In the film studio the apparatus has penetrated so deeply into reality that a pure view of that reality, free of the foreign body of the apparatus, is the result of a technological procedure peculiar to it — namely, the shooting by the specially adjusted camera and the assembly of that shot with others of the same kind. The apparatus-free aspect of reality has become artifice, and the vision of unmediated reality the Blue Flower in the land of technology.— Walter Benjamin, Art in the Age of Mechanical Reproduction, 1936
Most of these moving images show us an intensely artificial, constructed, manipulated reality, and though we pride ourselves on our sophistication in knowing what goes on ‘behind the scenes’, much of that very knowledge is provided in the same, controlled manner.
I am one of a number of experimental filmmakers around the world working with old photographic processes and primitive tools. This particular film, ‘Big Agnes Ascent’, was made with a hand-made, hand-cranking 16mm pinhole camera in the mountains of Colorado, developed in photo chemistry warmed by a fire, high on the mountain on a moonless night. Electricity didn’t come into the process until I had a digital scan of the footage made, so I could share it more broadly — it’s not that I’m anti-internet or anti-technology by any means.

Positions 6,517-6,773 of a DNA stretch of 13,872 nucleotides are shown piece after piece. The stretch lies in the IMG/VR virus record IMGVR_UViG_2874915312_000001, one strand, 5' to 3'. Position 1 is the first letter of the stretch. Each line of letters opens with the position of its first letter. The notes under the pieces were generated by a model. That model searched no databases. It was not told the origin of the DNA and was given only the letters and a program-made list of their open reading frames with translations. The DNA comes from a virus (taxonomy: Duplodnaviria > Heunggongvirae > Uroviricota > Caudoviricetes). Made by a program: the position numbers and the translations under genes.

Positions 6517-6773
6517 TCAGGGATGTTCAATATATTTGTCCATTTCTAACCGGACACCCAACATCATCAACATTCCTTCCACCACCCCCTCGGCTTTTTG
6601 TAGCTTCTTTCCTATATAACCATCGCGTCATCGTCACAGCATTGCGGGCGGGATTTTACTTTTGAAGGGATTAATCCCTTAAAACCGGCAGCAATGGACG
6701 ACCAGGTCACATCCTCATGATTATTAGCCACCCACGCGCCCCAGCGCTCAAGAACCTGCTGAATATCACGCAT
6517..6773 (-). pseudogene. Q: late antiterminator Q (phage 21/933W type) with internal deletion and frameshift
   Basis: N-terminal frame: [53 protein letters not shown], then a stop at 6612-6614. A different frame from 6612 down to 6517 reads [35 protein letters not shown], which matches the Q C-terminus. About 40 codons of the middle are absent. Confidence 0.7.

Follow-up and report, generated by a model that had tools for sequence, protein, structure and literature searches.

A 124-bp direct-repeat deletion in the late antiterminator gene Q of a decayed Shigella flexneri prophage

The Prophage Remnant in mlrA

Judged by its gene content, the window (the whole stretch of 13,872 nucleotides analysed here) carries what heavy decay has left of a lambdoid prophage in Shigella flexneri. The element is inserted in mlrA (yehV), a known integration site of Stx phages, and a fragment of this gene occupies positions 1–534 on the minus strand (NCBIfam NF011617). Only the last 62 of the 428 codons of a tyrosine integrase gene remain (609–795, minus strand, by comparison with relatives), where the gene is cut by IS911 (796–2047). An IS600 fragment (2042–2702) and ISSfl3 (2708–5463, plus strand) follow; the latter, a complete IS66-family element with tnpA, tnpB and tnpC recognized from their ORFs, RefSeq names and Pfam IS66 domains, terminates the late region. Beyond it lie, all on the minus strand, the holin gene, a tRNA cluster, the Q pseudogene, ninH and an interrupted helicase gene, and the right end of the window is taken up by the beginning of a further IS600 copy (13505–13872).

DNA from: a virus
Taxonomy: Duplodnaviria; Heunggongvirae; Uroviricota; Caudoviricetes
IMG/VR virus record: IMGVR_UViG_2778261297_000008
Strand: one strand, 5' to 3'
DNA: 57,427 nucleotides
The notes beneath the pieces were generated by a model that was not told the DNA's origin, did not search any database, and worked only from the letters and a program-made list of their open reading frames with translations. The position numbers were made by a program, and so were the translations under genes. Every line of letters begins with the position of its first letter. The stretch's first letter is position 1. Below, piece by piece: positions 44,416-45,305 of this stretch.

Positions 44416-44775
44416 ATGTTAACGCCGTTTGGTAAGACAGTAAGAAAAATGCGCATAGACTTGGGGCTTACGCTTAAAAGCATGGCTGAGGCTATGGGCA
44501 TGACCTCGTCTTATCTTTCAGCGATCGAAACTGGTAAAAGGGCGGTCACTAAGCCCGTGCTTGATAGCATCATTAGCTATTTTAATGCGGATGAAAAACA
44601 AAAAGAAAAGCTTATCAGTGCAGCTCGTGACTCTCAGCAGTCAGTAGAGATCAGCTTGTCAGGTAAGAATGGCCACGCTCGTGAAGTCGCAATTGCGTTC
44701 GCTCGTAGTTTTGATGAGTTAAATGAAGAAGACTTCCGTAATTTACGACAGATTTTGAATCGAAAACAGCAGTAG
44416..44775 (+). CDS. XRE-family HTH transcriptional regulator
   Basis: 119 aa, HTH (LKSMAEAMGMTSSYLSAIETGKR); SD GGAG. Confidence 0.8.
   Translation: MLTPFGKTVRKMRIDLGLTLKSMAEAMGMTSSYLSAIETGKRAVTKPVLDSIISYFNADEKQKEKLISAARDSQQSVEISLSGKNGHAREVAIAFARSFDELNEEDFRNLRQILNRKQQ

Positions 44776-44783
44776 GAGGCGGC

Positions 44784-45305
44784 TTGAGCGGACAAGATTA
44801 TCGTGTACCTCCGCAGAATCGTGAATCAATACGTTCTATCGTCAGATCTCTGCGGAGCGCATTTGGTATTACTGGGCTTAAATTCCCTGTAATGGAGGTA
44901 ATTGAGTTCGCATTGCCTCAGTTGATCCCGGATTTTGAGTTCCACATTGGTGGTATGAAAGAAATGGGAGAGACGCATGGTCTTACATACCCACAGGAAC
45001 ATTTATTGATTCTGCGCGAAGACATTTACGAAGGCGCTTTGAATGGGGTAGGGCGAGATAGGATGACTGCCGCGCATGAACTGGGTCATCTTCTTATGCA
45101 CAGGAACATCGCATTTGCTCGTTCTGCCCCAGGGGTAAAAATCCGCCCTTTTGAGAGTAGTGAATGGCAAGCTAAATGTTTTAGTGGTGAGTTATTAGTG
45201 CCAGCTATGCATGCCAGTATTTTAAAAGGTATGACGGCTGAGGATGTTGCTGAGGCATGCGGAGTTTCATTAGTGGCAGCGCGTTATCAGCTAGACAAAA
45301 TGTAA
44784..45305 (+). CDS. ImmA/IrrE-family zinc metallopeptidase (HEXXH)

My interest in these primitive techniques is not about kitsch or nostalgia — it’s a way to explore the nature of the moving image itself, how the eye constructs movement from distinct frames. How our brains fill in the gaps, smudges and scratches to make meaning out of indistinct, faint, flickering shapes and textures. This film is part of an ongoing effort to rediscover the fundamental illusion of motion and the basic alchemy of the captured image, as a way to reflect upon the very seamlessness of the media product we consume as part of our daily interaction with the modern world.